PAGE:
Between 1985 and 1995, Linda and Lisa Yokubinas were the Doublemint Twins. As a result, they were the face of Wrigley gum and known all over the world. But behind the scenes, the pair had an increasingly fractured relationship.
Wrigley had used the Doublemint Twins advertising concept for decades before casting the Yokubinas twins in 1985. It was these two sisters, however, who became the most iconic incarnation, with a run lasting ten years. And the two models consequently became famous in their own right.
The original Doublemint Twins, in fact, were Joan and Jayne Knoerzer. Their stint as the iconic duo began way back in 1959. And the advertising agency that has created most of the adverts over the decades is Energy BBDO. “We would get bombarded with mail coming from twins all over the country,” the company’s president and CEO, Tonise Paul, later told Crain’s Chicago Business.
“Every twin in America wanted to be part of the Doublemint advertising,” Paul added. All of the applicants were subsequently vetted, including the Knoerzer twins. The president of the chewing gum company at the time, Philip K. Wrigley, was very keen to ensure a wholesome image for his product.
“[Wrigley] wanted to know where the twins lived, did they have a good reputation, and that they didn’t dance on tables or get drunk,” Joan Knoerzer later recalled. For reasons that are unclear, however, the Knoerzer twins weren’t actually allowed to chew gum in any of the advertisements.
From 1959 to 1963, the original Doublemint Twins featured in a series of commercials. And they would also appear at events across the United States to promote the gum in person. “[We could] afford a beautiful apartment and travel and buy our mom a mink coat,” Jayne Knoerzer said.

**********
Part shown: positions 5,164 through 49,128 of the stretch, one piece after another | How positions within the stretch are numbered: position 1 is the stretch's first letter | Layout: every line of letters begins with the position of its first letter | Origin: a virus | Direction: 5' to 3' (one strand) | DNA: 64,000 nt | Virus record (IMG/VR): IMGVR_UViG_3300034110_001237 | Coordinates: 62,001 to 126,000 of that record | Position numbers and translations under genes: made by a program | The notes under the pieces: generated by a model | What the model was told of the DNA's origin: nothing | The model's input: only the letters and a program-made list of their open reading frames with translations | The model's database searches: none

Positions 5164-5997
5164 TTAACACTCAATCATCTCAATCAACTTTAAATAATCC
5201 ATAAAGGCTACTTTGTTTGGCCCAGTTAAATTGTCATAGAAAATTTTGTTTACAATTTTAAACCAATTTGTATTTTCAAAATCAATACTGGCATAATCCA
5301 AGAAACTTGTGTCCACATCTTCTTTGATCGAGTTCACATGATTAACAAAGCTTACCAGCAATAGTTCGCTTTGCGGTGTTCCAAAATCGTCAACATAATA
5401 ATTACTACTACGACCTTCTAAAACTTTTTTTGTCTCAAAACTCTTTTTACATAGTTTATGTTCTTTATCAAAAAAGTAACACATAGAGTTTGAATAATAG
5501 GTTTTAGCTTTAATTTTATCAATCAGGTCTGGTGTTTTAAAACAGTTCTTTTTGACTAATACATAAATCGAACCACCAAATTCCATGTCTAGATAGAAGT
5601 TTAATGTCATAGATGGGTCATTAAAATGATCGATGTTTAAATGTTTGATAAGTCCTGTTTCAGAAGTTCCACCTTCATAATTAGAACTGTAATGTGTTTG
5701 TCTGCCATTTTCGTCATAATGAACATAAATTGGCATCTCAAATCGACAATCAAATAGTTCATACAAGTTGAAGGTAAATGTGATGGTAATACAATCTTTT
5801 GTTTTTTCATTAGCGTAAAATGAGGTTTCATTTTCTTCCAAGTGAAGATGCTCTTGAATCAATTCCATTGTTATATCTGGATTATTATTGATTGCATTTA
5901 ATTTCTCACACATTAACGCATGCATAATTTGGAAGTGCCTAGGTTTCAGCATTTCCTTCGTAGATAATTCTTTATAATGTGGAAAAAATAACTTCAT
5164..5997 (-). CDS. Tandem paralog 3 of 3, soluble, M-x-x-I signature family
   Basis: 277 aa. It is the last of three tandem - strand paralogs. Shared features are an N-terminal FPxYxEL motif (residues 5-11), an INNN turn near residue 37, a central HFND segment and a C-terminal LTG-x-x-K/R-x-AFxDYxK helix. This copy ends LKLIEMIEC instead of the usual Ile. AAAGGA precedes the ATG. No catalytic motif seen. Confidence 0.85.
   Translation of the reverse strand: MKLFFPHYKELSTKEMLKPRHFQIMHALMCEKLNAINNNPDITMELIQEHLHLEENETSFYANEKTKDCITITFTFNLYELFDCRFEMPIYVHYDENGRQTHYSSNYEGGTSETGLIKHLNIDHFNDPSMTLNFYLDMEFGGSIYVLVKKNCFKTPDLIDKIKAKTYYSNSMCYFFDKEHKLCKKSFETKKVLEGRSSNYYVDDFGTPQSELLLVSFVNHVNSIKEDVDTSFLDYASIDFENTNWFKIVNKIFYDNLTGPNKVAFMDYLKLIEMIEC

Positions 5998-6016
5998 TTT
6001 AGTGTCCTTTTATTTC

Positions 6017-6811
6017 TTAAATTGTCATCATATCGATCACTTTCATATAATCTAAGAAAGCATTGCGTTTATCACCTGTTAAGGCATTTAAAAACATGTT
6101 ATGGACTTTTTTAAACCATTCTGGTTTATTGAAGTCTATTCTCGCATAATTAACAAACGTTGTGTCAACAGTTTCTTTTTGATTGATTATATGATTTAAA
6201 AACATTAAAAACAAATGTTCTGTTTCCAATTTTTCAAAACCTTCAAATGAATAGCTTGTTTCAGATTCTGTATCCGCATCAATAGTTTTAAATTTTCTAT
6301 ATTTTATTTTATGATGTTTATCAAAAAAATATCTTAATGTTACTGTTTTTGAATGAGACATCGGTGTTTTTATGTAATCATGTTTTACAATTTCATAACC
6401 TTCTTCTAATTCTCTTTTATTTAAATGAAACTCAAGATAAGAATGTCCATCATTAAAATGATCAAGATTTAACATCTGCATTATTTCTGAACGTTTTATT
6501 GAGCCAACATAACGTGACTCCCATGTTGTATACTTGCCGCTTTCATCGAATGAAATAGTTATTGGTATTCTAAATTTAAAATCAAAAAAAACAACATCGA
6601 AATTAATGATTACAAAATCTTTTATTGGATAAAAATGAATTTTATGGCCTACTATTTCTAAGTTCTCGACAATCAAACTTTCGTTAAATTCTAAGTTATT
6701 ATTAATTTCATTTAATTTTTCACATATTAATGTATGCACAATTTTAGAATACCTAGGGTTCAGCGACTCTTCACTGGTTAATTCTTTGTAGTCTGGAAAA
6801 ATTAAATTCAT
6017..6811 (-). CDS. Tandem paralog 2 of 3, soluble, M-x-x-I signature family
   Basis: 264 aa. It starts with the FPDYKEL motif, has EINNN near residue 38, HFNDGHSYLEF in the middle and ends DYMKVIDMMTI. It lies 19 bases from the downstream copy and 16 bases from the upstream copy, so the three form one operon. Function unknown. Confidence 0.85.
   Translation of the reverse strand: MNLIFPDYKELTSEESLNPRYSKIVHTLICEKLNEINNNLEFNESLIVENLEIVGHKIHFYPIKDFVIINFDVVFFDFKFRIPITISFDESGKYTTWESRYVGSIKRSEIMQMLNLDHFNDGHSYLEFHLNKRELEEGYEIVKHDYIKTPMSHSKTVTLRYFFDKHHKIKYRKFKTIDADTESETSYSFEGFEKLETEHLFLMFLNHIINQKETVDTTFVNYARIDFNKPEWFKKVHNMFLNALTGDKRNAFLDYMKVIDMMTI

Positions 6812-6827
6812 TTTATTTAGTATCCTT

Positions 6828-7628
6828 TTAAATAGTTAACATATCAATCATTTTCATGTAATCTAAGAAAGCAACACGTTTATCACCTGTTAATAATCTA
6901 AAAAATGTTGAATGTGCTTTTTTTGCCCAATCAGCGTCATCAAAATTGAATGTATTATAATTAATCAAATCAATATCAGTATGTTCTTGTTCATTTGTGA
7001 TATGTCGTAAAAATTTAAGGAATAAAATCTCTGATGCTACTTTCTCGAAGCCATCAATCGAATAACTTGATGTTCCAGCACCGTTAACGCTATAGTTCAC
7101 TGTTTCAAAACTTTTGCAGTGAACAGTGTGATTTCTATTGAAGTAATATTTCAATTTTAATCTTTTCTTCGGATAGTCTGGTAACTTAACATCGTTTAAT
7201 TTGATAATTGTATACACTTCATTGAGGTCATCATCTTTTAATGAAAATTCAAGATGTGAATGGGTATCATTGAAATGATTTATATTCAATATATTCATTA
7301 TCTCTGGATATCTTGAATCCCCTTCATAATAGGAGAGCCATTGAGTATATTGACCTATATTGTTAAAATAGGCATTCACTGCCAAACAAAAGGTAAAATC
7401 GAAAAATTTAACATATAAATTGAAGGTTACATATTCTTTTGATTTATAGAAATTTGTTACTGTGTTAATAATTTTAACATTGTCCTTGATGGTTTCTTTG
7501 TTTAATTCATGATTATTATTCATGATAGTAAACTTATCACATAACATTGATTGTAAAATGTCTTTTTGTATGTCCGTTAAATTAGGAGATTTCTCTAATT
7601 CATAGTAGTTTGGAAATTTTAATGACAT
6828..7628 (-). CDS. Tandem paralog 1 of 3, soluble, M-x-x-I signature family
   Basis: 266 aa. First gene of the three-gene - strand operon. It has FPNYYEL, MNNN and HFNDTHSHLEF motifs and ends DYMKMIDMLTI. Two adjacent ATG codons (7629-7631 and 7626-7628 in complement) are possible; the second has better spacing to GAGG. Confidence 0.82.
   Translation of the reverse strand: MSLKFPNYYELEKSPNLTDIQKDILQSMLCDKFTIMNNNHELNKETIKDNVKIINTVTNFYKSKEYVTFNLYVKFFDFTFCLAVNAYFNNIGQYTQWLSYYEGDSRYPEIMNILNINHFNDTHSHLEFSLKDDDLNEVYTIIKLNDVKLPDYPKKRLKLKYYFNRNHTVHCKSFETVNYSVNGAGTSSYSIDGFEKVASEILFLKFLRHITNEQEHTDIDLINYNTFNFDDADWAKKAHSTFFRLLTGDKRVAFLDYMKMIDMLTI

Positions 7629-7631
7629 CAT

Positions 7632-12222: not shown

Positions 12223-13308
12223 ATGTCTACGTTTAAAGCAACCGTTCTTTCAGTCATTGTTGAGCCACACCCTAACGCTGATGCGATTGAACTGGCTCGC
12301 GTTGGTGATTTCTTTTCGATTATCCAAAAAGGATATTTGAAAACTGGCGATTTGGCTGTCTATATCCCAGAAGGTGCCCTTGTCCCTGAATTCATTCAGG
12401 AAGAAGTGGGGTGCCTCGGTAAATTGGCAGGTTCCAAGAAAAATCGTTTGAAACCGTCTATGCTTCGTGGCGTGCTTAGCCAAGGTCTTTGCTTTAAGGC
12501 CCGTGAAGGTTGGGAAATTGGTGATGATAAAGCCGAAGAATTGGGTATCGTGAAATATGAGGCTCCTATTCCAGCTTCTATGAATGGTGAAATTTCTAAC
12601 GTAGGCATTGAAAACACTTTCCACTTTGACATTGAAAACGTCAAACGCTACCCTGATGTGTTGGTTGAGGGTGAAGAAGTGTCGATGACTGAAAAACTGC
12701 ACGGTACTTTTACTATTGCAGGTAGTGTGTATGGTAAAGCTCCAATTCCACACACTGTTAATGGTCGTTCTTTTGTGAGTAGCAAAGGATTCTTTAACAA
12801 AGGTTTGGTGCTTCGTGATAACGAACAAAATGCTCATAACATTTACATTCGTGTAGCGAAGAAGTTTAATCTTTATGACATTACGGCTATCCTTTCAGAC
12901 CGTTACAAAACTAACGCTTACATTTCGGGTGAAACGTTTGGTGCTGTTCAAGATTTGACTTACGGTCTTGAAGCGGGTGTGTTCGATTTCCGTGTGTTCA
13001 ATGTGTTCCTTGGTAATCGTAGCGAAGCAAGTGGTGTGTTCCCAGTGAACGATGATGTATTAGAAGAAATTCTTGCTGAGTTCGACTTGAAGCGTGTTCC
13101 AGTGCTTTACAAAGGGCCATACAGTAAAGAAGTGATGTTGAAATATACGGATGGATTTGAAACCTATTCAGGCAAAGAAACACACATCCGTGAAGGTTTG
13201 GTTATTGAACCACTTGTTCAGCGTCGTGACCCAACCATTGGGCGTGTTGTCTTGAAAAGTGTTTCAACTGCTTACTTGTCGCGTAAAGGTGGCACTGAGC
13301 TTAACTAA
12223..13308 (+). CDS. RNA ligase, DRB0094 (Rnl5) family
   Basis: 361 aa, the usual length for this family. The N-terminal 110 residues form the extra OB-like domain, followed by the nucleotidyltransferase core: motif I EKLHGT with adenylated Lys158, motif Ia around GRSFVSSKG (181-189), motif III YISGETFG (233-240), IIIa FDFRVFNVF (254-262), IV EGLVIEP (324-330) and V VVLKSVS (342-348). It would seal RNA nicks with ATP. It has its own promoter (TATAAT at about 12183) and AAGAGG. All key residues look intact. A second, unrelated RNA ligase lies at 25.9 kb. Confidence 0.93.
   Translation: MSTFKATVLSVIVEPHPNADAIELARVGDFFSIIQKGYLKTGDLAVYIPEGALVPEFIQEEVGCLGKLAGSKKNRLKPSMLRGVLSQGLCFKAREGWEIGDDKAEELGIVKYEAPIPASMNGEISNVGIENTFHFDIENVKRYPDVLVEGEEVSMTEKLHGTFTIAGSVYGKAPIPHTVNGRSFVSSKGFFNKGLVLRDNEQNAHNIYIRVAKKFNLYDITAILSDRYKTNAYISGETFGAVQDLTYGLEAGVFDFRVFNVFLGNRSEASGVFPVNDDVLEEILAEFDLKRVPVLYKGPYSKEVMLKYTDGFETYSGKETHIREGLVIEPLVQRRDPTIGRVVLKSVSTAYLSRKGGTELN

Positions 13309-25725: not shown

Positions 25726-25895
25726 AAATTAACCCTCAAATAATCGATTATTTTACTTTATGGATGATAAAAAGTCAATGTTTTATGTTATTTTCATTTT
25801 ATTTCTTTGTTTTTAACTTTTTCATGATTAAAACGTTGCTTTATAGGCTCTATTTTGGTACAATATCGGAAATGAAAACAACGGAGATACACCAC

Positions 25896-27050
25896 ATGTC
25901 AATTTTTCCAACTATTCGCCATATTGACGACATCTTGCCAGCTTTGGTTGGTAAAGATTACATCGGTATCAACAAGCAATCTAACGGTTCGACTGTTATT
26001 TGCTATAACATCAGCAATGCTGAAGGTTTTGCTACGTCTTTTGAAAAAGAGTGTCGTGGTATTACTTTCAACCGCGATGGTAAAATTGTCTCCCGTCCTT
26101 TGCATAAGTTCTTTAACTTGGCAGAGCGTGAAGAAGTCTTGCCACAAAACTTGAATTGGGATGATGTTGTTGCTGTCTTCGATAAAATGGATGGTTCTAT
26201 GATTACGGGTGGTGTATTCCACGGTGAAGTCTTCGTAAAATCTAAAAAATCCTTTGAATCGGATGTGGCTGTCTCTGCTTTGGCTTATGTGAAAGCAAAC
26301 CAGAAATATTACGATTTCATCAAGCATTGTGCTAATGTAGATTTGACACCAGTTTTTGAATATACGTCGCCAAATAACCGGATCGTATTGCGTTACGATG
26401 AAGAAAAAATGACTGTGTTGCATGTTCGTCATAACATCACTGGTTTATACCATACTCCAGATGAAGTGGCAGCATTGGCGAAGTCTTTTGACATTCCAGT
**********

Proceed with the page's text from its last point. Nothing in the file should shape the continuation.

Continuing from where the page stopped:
The twins’ run came to a rather abrupt end, however, when one of the Knoerzers became pregnant, although the concept of the Doublemint Twins was still occasionally revived over the coming years. And as a result, Wrigley used several sets of different twins during the next two decades.
It was in this period that Doublemint Twins began to have careers after their modelling contracts with Wrigley ended. For instance, the twins of the late 1970s, Patricia and Cybil Barnstable, went on to appear on the cover of Playboy.
In view of the success of the commercials, Wrigley cast new twins in 1985. Linda and Lisa Yokubinas, who would go onto become the longest-serving Doublemint models, were from Illinois. And being chosen for the commercials was something that changed these two women’s lives forever.
The sisters went on to feature in six TV ads over the course of their ten-year run. They’re best remembered for the commercial that showed them losing their hats next to a swimming pool. And it proved to be a lucrative business, earning the models nearly $30,000 a year in residual checks after the commercials had aired.
“It was really incredible to be able to take those trips,” Lisa told The Huffington Post. “We went to California, we went to Canada, we went to Hawaii, shooting these commercials. And every time was like a twin trip to get to be with my sister and spend time together. So it was such a blessing.”